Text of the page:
Multifunctional T cell reactivity with native and glycosylated type II collagen in rheumatoid arthritis




Type II collagen (CII) is a cartilage-specific protein to which a loss of immune tolerance may trigger autoimmune reactions and cause arthritis. The major T cell epitope on CII, amino acids 259–273, can be presented by several HLA–DRB1*04 alleles in its native or posttranslational glycosylated form. The present study was undertaken to functionally explore and compare CII-autoreactive T cells from blood and synovial fluid of patients with rheumatoid arthritis (RA).


Peripheral blood was obtained from HLA–DRB1*04–positive RA patients (n = 10) and control subjects (n = 10) and stimulated in vitro with several variants of the CII259–273 epitope, i.e., unmodified, glycosylated on Lys-264, glycosylated on Lys-270, or glycosylated on both Lys-264 and Lys-270. Up-regulation of CD154 was used to identify responding T cells. These cells were further characterized by intracellular staining for interleukin-17 (IL-17), interferon-γ (IFNγ), and IL-2 by flow cytometry. Synovial T cells from RA patients were investigated in parallel.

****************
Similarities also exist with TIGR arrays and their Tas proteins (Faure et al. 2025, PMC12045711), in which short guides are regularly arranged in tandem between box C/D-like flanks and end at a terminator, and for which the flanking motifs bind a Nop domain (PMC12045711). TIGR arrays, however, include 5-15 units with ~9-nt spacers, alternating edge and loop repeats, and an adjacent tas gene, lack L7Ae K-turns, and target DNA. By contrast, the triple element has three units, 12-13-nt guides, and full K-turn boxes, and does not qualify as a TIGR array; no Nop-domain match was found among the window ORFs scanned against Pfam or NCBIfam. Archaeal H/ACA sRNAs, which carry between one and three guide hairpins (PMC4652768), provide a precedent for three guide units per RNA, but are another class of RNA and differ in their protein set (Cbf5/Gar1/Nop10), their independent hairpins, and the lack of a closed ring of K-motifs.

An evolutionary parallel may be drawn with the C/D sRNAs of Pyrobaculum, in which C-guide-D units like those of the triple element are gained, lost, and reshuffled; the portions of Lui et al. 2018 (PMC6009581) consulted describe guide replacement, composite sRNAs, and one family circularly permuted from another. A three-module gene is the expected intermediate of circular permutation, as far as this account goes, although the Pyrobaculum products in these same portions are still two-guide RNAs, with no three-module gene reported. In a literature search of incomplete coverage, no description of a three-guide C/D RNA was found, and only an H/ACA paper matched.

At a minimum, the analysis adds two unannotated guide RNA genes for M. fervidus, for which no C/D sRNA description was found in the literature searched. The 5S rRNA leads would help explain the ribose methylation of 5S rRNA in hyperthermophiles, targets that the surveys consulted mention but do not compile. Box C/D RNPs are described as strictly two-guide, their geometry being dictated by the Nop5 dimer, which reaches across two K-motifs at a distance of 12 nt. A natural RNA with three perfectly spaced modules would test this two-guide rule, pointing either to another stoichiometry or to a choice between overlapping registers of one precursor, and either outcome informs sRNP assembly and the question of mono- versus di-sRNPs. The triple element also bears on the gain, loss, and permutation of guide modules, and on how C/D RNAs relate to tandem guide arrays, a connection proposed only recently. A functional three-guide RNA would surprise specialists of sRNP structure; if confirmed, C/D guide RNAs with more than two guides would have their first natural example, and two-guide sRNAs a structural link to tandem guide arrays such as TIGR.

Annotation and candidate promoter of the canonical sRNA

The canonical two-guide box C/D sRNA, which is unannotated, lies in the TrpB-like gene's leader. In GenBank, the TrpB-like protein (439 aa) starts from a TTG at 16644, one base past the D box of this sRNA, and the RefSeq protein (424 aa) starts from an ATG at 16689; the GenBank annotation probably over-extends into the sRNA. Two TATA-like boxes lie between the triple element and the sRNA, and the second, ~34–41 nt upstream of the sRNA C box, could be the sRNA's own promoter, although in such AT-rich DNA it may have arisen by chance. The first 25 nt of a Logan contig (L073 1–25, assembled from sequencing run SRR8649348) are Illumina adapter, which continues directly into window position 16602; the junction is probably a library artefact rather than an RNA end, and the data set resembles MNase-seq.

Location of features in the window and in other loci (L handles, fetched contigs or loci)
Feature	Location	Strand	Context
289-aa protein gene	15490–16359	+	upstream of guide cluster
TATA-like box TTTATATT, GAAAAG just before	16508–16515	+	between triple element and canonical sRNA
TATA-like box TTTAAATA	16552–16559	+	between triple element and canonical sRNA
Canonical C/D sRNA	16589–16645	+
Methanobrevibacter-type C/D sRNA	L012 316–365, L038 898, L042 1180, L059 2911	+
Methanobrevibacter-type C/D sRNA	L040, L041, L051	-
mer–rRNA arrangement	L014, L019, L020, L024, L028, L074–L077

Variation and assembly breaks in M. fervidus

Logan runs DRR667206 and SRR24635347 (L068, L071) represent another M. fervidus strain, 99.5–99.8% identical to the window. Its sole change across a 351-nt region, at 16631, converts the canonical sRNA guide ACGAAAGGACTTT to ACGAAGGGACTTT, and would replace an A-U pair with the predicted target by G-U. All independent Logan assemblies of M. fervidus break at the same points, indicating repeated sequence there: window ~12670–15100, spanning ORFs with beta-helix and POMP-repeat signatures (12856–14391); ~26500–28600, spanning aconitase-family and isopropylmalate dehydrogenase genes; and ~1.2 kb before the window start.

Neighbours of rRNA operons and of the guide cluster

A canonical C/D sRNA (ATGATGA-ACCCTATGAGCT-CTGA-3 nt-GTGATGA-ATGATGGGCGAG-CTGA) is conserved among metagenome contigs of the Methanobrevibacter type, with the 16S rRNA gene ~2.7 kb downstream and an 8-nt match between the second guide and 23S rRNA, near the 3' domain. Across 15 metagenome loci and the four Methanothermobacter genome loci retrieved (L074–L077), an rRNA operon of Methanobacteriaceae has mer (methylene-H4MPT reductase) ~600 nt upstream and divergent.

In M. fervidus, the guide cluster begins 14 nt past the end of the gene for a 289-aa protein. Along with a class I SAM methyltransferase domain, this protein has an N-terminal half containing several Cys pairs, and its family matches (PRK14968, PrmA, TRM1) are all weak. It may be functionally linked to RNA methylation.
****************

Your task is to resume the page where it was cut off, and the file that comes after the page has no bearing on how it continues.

Multifunctional T cell responses toward all examined variants of the CII259–273 peptide could be detected in RA patients and, to a lesser extent, also in healthy HLA-matched controls (P < 0.001). In RA patients, a comparison between blood- and joint-derived T cell function revealed a significant increase in levels of the proinflammatory cytokine IFNγ in synovial T cells (P = 0.027). Studies of longitudinally obtained samples showed that T cell responses were sustained over the course of disease, and even included epitope spreading.


The identification of inflammatory T cell responses to both glycosylated and nonglycosylated variants of the major CII epitope in RA patients suggests that CII autoreactivity in RA may be more common than previously recognized.